Human capital

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The United Nations (UN) published definition of sustainability is: “Meeting the needs of the present without compromising the ability of future generations to meet their own needs.”

To understand ‘human capital’ we first need to consider this definition and look beyond the environment when we use the term. In its simplest terms this is about: ‘People, Planet, Profit.’

Louise Hosking: "Businesses need safe, healthy, engaged workers to thrive."

There must be balance in all three for business to thrive and be truly sustainable. Whilst we like to believe health and safety is ‘our top priority’, the reality is it must be a priority value in harmony with these other aspects.

Fundamentally, unless we control consumption we will continue to be unsustainable and become more and more unstable at every level because this model is out of balance.

UN Sustainable Development Goals

The UN Sustainable Development Goals provide the architecture for resolving many of these challenges. To achieve these goals, organisations need to transform current patterns of production, operation and consumption.

The Five Capitals Model expands the concept of ‘People, Planet, Profit’ – these ‘capitals’ interconnect and create a sustainable ecosystem. When we restrict one it affects another.

Sustainable organisations place true value on good work, people and communities – charging a fair rate for a fair job and considering the impact on the planet.

Human capital

This includes things like education, training, skills, health and personal or shared values, such as loyalty and punctuality. Think of the person within a business with the drive, knowledge, passion and the energy to make incredible things happen – now see them as an asset (a value) to the business.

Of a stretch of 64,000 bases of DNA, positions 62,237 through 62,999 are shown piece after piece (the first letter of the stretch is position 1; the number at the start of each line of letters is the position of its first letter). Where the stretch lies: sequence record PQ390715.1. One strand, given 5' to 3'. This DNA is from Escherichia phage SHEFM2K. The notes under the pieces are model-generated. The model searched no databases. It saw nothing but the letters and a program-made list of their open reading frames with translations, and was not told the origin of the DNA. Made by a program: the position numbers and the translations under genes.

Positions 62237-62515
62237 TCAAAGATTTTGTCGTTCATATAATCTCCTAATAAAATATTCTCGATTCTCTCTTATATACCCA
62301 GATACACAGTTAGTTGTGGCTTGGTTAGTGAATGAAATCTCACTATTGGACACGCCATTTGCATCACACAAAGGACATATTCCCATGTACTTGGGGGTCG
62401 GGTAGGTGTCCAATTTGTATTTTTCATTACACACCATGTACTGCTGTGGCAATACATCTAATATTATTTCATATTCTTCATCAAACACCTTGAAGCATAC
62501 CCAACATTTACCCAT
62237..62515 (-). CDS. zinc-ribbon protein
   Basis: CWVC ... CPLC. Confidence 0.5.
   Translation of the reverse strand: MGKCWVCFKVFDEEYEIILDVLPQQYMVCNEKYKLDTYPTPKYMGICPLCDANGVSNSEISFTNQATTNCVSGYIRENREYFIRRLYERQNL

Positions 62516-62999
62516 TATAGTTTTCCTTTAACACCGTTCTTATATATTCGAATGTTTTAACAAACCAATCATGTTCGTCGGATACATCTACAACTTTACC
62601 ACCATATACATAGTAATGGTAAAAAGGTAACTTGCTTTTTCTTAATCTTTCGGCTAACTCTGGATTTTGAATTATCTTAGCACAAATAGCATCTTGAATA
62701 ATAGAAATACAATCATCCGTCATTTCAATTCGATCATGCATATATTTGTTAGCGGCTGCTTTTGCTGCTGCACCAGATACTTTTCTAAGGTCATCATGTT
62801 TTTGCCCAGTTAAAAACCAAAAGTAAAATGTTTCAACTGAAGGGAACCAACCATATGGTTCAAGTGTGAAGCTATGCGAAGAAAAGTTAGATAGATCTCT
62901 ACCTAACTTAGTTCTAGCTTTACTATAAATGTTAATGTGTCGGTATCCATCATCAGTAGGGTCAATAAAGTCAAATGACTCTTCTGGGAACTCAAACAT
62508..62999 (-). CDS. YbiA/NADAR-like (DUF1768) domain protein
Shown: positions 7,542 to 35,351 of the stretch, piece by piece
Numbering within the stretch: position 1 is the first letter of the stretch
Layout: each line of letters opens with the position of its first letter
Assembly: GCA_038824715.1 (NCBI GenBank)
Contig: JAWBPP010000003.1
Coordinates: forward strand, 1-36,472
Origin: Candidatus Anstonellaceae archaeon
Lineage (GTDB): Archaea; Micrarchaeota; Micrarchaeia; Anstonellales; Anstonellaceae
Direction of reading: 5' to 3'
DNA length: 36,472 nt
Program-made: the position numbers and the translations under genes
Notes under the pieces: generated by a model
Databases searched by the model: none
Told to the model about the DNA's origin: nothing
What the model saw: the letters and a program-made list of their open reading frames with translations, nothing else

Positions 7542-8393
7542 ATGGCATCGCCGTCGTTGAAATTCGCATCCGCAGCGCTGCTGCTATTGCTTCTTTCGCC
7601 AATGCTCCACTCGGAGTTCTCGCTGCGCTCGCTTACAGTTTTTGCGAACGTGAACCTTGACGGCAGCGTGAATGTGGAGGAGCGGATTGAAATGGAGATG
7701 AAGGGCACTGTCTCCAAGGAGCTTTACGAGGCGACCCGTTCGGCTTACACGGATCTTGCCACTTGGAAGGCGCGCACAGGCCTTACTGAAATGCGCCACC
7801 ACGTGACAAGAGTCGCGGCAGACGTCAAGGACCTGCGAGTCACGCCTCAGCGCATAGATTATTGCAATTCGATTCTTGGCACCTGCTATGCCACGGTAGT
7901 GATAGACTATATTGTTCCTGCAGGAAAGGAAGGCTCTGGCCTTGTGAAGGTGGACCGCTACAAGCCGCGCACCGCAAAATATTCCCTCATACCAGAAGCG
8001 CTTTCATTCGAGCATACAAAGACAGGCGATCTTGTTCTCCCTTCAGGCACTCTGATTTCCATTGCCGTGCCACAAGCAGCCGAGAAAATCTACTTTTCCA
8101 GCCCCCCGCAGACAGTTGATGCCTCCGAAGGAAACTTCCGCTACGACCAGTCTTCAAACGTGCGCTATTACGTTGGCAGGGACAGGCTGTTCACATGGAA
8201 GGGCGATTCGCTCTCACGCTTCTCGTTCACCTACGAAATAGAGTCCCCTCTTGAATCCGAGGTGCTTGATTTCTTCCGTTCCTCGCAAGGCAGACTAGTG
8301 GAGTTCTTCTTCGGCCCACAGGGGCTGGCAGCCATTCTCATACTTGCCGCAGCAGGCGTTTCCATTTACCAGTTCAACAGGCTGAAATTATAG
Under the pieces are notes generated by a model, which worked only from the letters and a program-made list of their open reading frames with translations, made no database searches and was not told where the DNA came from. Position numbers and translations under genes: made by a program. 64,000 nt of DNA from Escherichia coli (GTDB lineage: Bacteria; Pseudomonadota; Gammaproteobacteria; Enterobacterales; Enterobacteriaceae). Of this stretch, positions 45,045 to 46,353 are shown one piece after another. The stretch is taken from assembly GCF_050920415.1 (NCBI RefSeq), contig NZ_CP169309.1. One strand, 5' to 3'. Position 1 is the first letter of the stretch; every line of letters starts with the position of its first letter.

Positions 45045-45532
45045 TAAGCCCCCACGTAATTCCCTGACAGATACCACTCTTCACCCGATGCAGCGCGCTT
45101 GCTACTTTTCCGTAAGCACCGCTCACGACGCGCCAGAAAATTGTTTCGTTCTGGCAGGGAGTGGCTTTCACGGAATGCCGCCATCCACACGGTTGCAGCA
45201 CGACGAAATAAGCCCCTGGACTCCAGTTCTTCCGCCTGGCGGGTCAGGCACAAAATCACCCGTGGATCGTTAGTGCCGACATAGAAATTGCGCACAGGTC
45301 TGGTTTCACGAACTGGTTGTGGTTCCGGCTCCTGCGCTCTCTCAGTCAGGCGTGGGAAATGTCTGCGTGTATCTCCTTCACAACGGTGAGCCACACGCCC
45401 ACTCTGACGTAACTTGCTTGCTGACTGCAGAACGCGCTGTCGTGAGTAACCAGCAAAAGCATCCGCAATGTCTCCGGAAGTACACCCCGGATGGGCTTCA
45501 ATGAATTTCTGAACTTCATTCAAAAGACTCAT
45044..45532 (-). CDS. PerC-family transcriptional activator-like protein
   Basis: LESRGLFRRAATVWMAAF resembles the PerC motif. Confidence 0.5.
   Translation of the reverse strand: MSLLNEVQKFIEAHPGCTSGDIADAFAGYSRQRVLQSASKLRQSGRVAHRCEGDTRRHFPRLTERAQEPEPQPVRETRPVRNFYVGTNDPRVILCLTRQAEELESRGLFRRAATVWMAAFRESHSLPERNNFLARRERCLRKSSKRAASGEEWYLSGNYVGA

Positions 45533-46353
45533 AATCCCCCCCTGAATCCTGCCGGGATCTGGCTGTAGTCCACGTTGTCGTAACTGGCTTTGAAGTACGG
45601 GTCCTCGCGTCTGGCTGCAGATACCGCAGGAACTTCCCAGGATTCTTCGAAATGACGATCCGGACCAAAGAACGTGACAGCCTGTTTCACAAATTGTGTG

But health and safety performance is not being consistently captured in most financial or public reporting on human capital, so it’s not being given the importance it deserves.

Large organisations have significant supply chains which span the globe. Without clear and consistent reporting, organisations are not held to account. Photograph: iStock

Large organisations have significant supply chains which span the globe. Some are able to push hazards out from the centre – especially into territories with little or no health and safety state regulation. Without clear and consistent reporting, organisations are not held to account and so may be tempted to exploit workers in the rush for greater profits.

Health and safety professionals have a role to play in creating meaningful evidence-based reports which boards and stakeholders understand. With better reporting comes greater accountability and customers will make informed choices which rewards sustainable business and improves standards. Health and safety becomes a value.

Evidence suggests investments in human capital, including higher education, yield long-term economic rates of return that exceed most standard investments in technology or capital. The more skilled and empowered the workforce, the more productive it tends to be.

Businesses need safe, healthy, engaged workers to thrive – something the investment community is looking at more closely than ever before.

Environmental, social and governance (ESG)

Companies managed with a focus on sustainability will be in a better position to weather adversity because they invest in prevention measures. We’re currently experiencing adverse conditions, so there’s an even greater focus on this, and we have seen ESG financial funds performing well.

Investors want to understand which companies are doing well, and which ones are investing in human capital and their people.

The desire for ethical investment will drive ethical values which creates an interest to understand more about the issues we health and safety professionals care about.

Good governance lasts longer than any government and creates sustainable businesses attuned and in harmony with people, the planet and profits.

Louise Hosking is Director at Hosking Associates


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